Sunday, April 12, 2009

Family Evolution

When I was a child, my family in Canada consisted of my parents and sisters; the closest relatives we had were an uncle in the U.S. that we saw on occasion and his family. We took trips to Egypt to visit extended family every few years, but in reality we made family in Ottawa to compensate. I think back over my childhood - all the way up to university - and lose count of the "aunts" who became my aunts, the girls my age who acted as substitute cousins. These were the people we spent our special occasions with: the people we saw during Eid and Ramadan and grew up around. In some ways, they were more than family, because we had chosen each other; in other ways, they would never really be family, and we each had our distinct, nuclear units because at the end of the day, we only had a certain common history, and no common blood.
I remember my excitement when my mother's youngest brother moved to Ottawa, how absolutely thrilled I was that I could start a story with "my uncle" at school, and really, truly mean "my uncle" and not a friend of the family. I remember how thrilled I was when my baby cousin was born and I had an actual cousin to play with and coo at within driving distance. In some bizarre way, the presence of relatives in the city validated Ottawa as my home. I had family here, close by.
Over the years, it became normal. My Canadian family grew as more cousins and second cousins made the move. Eid became a celebration at our house where, instead of my parents trying to find a way to surround us with company, we tried to figure out how to seat everyone around the table. My parents' house became the "family house", the house where everyone came together for events and holidays, the equivalent of my grandparents' house with the massive veranda in Alexandria. When my sisters got married, the family grew again in the form of brothers and their families. Until that point, my only experience with brothers was through my male cousins, who played rough with us and pushed us in sports and up trees on our visits to Egypt. Two cousins in particular served as my older brothers, teasing and joking with us through out the years. As they got older, they would come to North America to work in the summers, and then stop by Ottawa to visit for a couple of weeks before they returned for the fall semester.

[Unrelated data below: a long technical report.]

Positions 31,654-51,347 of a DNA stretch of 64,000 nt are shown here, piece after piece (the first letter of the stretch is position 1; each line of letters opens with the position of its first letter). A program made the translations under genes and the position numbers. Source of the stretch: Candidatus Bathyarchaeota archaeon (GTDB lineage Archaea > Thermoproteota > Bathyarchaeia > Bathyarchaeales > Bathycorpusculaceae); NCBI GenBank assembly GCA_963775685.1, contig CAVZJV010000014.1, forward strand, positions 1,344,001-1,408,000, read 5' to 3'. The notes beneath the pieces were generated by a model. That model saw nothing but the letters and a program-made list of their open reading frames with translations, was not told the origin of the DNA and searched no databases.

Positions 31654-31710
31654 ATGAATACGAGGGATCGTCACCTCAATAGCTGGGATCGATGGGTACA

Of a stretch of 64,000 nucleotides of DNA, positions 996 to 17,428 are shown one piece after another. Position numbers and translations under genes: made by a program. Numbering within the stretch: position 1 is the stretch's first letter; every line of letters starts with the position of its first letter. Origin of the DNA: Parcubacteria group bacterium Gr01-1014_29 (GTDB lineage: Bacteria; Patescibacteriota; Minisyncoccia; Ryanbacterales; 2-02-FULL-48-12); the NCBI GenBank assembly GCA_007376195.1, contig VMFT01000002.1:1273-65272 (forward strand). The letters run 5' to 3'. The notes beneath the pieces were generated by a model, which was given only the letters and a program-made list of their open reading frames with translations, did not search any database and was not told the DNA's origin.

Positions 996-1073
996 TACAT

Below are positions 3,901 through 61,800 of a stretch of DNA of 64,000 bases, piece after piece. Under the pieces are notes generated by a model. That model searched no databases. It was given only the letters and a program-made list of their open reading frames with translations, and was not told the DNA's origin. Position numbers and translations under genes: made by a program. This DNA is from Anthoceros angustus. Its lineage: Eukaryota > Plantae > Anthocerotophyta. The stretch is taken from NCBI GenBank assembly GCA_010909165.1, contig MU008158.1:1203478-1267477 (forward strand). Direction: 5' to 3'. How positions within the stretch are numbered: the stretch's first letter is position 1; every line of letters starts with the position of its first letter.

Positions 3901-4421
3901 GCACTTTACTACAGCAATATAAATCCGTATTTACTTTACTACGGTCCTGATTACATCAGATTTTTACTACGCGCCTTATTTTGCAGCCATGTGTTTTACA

Eventually, the older one moved to Ottawa; two months ago, the younger one moved to Toronto. Last night, he and his family came to visit at my in-laws' place, where we're visiting in TO for the long weekend. There was something remarkably unremarkable about looking around the living room, seeing M and his family and my "original older brother" and his family there all in one place, a new family extension forming. 
When I was little, I could count on one hand my extended family in north america. At one point, I couldn't even do that. I now need both hands and feet to do it, and I love it.

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